Ron keeps the lamps burning both figuratively and literally. Yes, he’s the keeper of the flame for the Trade Winds, tiki artifacts, and poly-pop history. Literally, he also has the most remarkable set of vintage gas tiki torches that I’ve encountered in my travels to home tiki spaces. The Rincon Room is transformed when the sun dips below the Pacific, and Ron lights the torches. As I took in the warmth and glow from the flames, I felt the need to grow still and quiet in reverence.
In ancient times, a keeper of the flame was a person who kept a fire burning to honor their ancestors. For us, Ron’s a keeper.
*Newspaper Article Clipping, circa 1963, from Ojatimo in Critiki
“I don’t know what it is, but I feel really connected to tiki. Maybe it’s where I’m from. Maybe it’s from my early experiences. Maybe it’s in my genes.”
For Adrian, I suspect the answer is (d) all of the above. Now a major influencer in the tiki revival movement known as Polynesian Pop, Adrian grew up on the beaches of Southern California surrounded by his parents, grandparents, aunts, and uncles of Filipino heritage. His first experience with tiki was a memorable night at Don the Beachcomber’s. It was back in the “decade of destruction,” the time when mid-century tiki palaces were falling into disrepair and being torn down. Destruction didn’t dissuade Adrian. In his college days, he was visiting thrift stores to look for vintage clothing but leaving with tiki artifacts.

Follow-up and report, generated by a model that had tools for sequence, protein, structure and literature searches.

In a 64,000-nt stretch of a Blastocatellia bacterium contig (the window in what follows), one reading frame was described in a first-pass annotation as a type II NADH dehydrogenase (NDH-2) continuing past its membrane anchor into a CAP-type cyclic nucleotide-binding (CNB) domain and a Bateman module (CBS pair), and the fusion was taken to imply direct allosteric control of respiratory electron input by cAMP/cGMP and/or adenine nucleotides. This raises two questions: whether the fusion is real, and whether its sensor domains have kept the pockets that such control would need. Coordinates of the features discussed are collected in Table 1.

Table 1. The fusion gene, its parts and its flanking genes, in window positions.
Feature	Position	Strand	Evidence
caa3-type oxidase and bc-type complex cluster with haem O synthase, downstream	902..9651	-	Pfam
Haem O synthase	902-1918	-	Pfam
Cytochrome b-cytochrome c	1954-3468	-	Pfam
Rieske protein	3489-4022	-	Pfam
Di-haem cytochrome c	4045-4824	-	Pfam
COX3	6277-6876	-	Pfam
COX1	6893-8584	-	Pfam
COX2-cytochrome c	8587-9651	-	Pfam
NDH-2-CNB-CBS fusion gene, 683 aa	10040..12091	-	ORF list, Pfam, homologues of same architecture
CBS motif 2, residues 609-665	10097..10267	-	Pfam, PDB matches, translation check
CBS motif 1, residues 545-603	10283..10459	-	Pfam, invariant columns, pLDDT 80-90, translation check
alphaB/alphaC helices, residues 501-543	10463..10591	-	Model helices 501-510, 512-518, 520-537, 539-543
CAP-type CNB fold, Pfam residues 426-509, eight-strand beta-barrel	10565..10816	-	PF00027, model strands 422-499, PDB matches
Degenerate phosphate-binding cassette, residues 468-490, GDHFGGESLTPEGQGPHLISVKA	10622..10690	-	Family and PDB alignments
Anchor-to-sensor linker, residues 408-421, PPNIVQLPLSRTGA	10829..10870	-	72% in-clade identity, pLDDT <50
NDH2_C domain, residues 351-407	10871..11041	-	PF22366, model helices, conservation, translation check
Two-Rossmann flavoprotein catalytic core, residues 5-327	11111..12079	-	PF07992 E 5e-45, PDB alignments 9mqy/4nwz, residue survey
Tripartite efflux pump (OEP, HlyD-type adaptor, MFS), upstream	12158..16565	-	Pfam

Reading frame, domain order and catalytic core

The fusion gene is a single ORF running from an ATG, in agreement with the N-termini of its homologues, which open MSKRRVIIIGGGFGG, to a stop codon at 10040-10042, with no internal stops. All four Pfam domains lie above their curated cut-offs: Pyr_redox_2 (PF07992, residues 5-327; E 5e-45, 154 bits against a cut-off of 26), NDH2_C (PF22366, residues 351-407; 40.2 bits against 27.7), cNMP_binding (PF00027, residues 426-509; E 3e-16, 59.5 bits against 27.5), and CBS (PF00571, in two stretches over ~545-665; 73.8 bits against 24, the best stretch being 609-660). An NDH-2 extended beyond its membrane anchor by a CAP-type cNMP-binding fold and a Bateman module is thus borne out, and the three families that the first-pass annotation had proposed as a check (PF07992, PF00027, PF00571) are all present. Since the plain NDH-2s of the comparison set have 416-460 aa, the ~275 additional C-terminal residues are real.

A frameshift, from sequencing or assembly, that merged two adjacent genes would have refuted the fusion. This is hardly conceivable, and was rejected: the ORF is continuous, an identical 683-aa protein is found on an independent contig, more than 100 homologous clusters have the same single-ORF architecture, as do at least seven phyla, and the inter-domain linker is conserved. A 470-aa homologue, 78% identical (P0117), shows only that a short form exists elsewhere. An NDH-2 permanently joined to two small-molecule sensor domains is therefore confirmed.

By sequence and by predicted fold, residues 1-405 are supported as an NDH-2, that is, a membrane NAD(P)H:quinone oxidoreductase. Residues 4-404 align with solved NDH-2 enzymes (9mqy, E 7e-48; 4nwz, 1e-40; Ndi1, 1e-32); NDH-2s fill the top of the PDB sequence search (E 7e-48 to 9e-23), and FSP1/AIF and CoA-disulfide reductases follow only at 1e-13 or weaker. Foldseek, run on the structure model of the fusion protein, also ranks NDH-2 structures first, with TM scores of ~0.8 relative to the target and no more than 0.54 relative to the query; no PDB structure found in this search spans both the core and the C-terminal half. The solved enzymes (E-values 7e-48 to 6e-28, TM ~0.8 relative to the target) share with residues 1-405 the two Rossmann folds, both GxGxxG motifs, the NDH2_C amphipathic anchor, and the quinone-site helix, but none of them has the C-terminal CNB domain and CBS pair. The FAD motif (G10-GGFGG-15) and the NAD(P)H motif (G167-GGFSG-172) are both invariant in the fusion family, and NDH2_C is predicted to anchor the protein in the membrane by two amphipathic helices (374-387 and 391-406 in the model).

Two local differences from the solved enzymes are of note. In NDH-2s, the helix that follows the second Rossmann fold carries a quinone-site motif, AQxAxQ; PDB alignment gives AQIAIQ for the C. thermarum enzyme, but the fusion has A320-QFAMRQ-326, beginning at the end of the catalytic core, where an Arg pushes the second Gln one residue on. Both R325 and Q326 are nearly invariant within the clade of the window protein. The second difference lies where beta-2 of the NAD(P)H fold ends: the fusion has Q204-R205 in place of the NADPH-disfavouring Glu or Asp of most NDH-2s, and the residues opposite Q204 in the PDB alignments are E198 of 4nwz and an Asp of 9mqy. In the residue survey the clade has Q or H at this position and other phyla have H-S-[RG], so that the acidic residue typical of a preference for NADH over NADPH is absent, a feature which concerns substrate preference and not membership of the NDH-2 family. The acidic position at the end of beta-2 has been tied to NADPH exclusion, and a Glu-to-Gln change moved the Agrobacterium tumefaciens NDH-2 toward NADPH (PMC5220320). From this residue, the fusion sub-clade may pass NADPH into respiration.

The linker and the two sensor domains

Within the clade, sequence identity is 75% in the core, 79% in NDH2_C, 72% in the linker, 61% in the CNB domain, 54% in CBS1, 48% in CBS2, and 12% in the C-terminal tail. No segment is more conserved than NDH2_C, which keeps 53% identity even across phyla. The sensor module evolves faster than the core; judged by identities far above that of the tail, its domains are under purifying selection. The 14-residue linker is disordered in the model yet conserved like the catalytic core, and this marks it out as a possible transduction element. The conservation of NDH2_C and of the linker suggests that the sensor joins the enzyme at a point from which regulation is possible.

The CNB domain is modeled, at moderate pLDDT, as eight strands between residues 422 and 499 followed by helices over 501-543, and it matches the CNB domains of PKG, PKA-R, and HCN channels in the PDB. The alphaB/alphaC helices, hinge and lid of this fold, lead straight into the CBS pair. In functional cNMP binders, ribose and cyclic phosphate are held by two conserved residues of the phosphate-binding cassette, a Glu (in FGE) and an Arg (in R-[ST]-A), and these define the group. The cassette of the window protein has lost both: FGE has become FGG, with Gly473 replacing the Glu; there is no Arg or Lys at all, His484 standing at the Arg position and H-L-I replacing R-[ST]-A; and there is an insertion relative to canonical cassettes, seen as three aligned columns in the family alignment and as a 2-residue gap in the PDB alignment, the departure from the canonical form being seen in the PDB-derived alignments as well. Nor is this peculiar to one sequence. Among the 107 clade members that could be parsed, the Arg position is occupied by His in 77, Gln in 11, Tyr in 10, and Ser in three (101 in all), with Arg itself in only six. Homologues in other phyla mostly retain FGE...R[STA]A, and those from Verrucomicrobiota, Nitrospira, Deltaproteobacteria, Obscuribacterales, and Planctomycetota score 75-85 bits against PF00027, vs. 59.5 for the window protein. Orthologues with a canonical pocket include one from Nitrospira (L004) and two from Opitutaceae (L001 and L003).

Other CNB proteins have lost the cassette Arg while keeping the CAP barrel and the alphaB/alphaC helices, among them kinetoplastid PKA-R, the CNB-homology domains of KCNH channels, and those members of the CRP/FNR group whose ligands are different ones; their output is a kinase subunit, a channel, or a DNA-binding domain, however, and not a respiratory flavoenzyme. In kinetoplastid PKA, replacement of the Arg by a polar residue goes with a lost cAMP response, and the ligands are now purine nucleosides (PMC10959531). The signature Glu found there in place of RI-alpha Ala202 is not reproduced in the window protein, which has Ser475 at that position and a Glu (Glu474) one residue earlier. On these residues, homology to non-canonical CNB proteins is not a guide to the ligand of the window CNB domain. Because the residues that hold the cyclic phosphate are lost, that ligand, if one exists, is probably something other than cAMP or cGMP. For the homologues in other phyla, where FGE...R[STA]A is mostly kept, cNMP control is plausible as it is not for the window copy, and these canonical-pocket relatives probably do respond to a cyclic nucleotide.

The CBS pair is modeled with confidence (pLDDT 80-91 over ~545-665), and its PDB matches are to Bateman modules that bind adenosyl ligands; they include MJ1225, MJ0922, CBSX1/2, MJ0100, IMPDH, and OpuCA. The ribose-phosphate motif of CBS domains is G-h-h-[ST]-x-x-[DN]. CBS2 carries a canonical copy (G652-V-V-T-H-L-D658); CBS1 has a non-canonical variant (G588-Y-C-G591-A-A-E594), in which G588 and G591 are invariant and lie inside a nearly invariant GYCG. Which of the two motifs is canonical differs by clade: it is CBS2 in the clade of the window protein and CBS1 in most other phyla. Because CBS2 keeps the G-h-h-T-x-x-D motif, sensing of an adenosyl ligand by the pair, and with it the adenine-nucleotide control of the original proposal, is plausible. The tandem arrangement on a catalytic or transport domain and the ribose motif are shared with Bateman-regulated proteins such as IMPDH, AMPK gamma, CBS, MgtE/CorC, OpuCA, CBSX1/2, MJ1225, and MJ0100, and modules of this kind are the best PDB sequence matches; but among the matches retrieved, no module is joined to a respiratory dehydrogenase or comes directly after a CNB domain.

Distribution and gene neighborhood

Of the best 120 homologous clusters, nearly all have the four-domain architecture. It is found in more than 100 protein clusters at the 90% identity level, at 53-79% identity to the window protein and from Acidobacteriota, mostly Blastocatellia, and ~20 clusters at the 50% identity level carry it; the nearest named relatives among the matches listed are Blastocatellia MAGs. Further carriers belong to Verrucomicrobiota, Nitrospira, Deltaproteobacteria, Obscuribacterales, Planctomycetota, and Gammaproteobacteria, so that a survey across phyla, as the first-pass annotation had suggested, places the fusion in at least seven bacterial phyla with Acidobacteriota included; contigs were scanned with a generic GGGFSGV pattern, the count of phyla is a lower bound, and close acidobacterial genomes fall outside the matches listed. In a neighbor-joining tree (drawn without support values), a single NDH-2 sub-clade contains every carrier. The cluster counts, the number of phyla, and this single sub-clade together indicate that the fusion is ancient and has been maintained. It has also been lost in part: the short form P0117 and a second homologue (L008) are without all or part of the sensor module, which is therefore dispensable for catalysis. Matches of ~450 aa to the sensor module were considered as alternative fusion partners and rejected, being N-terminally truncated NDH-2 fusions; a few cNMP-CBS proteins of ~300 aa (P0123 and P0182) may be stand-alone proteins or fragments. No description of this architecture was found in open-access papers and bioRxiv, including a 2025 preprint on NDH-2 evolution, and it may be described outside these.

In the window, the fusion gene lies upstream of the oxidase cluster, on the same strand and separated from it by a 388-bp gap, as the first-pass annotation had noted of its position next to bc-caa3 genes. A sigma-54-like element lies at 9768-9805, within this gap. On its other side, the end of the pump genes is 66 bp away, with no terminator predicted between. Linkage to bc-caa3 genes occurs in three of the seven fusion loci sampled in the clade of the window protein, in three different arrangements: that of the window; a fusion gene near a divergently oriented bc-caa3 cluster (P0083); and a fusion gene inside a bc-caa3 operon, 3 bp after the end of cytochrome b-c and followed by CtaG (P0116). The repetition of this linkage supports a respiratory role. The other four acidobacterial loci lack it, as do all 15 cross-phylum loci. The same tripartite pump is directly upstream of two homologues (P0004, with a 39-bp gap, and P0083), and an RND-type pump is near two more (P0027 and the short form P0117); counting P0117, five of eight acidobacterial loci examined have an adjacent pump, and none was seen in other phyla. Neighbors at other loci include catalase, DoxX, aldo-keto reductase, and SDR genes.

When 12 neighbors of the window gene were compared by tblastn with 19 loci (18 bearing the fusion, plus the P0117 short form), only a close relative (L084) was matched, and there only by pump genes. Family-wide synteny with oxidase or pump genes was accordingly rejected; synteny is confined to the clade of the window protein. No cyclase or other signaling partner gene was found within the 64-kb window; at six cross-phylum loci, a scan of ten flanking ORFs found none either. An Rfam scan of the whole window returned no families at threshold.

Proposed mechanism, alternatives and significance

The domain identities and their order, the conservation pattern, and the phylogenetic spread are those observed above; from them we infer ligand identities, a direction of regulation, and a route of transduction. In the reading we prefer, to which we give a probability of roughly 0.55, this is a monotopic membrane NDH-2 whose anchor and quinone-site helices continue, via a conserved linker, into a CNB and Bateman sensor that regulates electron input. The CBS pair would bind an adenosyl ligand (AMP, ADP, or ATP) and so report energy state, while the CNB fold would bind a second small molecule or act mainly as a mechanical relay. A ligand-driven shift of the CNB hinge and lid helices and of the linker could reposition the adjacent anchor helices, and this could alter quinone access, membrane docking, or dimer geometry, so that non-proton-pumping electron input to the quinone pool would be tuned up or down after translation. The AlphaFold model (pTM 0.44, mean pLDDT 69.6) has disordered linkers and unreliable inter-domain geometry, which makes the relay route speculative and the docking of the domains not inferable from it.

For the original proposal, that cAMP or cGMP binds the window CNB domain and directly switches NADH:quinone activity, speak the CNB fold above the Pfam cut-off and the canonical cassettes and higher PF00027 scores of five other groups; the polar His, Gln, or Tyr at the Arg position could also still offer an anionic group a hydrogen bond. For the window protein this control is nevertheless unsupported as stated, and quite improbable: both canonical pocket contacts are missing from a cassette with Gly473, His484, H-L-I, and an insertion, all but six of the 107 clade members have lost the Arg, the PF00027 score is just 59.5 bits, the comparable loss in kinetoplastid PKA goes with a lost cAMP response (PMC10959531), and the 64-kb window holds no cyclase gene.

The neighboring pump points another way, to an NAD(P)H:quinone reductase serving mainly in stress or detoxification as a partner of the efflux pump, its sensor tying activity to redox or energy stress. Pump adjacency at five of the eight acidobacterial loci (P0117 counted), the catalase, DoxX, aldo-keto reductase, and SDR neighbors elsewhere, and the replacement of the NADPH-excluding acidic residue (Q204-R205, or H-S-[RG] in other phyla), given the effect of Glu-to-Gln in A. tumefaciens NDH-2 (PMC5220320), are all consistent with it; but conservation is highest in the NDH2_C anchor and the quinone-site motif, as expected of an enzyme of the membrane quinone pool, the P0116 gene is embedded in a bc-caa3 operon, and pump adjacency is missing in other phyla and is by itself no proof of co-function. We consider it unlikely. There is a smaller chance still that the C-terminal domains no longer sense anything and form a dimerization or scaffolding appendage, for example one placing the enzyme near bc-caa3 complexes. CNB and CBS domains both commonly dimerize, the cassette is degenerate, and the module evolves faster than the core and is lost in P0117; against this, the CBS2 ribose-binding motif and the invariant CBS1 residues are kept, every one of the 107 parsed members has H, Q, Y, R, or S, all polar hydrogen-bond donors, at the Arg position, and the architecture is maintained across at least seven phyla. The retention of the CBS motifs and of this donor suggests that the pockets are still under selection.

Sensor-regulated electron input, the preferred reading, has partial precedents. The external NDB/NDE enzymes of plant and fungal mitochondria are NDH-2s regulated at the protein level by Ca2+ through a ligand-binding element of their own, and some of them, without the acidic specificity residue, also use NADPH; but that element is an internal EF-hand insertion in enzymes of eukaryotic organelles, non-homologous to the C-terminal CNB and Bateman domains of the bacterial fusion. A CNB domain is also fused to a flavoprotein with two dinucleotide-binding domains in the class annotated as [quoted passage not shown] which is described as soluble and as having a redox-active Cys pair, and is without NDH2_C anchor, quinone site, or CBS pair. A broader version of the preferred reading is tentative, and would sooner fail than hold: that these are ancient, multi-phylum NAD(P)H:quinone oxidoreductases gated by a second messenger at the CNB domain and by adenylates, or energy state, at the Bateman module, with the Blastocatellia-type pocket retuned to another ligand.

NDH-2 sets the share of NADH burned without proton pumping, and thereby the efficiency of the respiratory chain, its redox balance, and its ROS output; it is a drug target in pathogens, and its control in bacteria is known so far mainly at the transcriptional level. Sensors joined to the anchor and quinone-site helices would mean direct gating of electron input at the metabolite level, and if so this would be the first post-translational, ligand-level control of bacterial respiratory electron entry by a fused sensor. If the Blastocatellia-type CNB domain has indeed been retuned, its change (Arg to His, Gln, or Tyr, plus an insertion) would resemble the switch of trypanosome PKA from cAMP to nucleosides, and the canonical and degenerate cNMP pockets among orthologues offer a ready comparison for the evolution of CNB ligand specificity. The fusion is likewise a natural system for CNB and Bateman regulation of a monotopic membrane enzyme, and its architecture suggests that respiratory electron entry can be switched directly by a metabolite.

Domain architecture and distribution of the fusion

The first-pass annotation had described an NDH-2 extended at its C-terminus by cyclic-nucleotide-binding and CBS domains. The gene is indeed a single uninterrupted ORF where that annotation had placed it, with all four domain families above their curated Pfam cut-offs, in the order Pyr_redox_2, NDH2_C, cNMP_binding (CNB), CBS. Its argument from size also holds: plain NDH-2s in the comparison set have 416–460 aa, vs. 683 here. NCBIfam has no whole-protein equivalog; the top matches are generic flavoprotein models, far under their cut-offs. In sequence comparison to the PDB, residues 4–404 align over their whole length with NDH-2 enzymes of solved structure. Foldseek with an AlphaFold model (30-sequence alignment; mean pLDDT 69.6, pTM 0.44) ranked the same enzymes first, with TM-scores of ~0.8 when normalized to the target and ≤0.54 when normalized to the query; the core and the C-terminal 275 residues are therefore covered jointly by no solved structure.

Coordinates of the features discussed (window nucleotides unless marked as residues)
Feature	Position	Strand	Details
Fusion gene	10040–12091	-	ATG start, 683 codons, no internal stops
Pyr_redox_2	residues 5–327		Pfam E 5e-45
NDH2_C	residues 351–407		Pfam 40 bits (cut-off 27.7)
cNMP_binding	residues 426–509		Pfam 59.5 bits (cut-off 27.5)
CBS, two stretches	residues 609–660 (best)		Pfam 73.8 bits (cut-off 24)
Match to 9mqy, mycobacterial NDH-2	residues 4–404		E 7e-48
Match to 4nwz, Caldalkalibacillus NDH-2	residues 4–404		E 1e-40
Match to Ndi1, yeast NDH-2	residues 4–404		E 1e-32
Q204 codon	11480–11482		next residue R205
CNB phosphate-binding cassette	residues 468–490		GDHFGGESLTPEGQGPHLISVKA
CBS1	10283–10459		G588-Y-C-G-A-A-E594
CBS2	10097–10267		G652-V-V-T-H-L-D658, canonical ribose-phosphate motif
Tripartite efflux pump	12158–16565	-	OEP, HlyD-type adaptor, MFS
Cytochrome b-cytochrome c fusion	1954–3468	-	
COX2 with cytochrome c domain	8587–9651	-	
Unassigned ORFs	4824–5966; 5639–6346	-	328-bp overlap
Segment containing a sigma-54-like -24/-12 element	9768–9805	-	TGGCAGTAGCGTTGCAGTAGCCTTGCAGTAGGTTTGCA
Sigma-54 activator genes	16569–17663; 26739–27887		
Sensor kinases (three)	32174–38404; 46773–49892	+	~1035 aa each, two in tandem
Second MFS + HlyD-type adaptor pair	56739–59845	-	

At first, no one seemed to understand Adrian’s tiki obsession. In fact, some were downright resistant, even laughed at him. Sadly, his collection ended up boxed away in the garage and neglected for years. That changed when he met the woman who would become his second wife. Stephanie offered no resistance. Quite the opposite, she encouraged Adrian to build the home tiki bar he always wanted. When that moment came, Adrian was touched. After double- and triple-checking to get the green light from Stephanie, he started the process by ripping up carpet in the mother-in-law suite of their new home. Within months, the Desert Oasis Room was complete.
“I want the Desert Oasis Room to be authentic to tiki. I want to feel like I live in paradise.”
Adrian’s foremost objective for the build was to create an exotic lounge that is true to the mid-’50s pop-culture period called tiki. To achieve authenticity, Trader Vic’s became Adrian’s archetype of inspiration. Both the Emeryville and Scottsdale locations had alluringly-decorated walls, intact from that time period. Adrian studied the design composition, noting how the wall was divided into sections of bac bac matting and elaborate trim, then decorated solely with carvings (mostly masks from Papua New Guinea), but no other styles of art. These elements would become his template for an authentic look and feel of the Desert Oasis Room.
Polynesian Pop combined his goal for authenticity with his own distinctive look using the design principle of thirds. Take any rectangle and divide it into three parts both vertically and horizontally, and you’ll visualize this principle. As we looked around the Desert Oasis Room, Adrian pointed out how the walls were divided into three horizontal sections (bottom bamboo, middle matting, and top mug shelf) as well as three vertical sections (the divisions per wall separated by bamboo and/or trim) with a personalized trim of three repeating, carved patterns. Collections of pufferfish, Papua New Guinea masks, and fish floats are organized into threes. The shelves behind the bar are grouped by threes as well. The end result is as distinctive as Adrian’s fingerprint, yet authentic to the tiki period. When you see any picture of his masterpiece, you know it’s the Desert Oasis Room.